They've also worked with Lady Gaga, becoming involved with her tour through FUSE TV. A Pink Gorilla was contacted to create a unique backdrop for her interview in Cleveland.

"We built the backdrop, stayed for the interview met her and hung out for the concert and backstage after the concert," Franklin said. "She's obviously a little over-the-top creative and eccentric, but quite a sweet young lady."

Business Basics
Of course not every area is conducive to high-profile clients, and Franklin advised other retailers to do research as far as the area they live in to see what the needs are for the area. Location and product needs are important to research first, as there may already be a grocery store and a big box chain party store in the area that sells balloons.

"Unfortunately, competition from chains can be awfully hard with their discount pricing and negate any chance you have to show the potential clients that you are more creative and more customer friendly," Franklin said. "You're always competing with someone, but in order to stay in business, you have to be able to make money. It takes money to make money in this world, so it's also helpful for a new business to have a nice nest egg to have as back up."

Marketing for a new business can be expensive, and it takes money to drive new clients to your website with things like local advertising, logos on your trucks with the website listed, business cards, flyers, etc. Franklin said some people open/start a business and really have no concept of some realities in starting a business.

"Owning a business means you work longer and harder than most people, and you also need to be flexible and wear many hats in a day," she said. "This is a reality that some people don't recognize. It may mean that you work six or seven days a week, and possibly 10 to14 hours a day.

"After more than 24 years, we still work six and sometimes seven days a week, often rising at 4 a.m. to get to the shop for early corporate events during the week and still working until 5 p.m. or later," she continued. "And when Saturday rolls around, it's another early start to the day with all the private parties that need to be done! Because, as we all know, balloons do not blow them selves up."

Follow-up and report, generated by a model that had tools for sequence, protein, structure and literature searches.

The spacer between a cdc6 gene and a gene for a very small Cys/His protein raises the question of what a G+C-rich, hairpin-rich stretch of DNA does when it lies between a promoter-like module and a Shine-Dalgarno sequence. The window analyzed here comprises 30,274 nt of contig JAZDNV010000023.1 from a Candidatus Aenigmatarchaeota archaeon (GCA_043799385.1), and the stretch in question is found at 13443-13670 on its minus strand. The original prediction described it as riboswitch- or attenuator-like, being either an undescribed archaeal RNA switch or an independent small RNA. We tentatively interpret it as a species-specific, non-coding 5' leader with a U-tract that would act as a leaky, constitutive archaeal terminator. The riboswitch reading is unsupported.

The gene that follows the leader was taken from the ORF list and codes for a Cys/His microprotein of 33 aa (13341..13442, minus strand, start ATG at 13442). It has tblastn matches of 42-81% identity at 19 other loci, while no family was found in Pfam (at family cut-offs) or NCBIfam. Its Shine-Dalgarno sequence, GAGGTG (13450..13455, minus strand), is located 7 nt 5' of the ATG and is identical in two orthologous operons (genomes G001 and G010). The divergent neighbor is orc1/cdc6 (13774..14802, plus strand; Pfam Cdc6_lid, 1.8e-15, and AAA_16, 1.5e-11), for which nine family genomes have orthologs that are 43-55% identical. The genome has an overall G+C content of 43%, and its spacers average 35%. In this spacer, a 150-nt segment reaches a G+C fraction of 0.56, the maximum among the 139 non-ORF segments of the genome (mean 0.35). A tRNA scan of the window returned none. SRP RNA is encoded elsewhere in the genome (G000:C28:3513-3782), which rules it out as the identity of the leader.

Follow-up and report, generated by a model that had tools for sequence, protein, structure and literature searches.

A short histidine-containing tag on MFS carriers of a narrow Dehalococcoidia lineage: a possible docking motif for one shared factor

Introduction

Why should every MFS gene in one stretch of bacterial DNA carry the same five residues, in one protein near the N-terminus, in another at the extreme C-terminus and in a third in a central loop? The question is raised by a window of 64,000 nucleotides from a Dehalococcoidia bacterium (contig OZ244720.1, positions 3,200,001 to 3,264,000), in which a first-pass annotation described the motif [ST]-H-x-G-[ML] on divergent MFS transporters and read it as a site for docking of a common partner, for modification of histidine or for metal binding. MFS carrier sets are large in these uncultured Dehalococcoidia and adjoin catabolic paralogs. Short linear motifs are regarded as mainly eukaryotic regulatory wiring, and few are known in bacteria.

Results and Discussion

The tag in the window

While it is a labor-intensive service industry, Franklin said it's "rewarding and never boring - a lot like marriage."

Domonic and Cornelia have been married for more than 32 years and have now worked together nearly 20 years, and she likened owning a small business to marriage.

"You do whatever it takes to keep it going through tough times and you celebrate in good times," Franklin said. "Life is always a challenge, and being a small business owner only increases those challenges. But it's about balance and common sense, and when you keep those two things in mind, you find yourselves staying happy!"

Franklin said they always stay focused on business when at the shop, but when they lock the back door and get in the car to drive home, it's all about family.

"We have raised two children (now 28 and 30), put them through private colleges, helped with weddings and now we are enjoying our first grandbaby," she said. "Life has always been good because we make each day count, personally and professionally."


By Abby Heugel
Managing Editor

 

Originally posted Friday, Apr. 20, 2012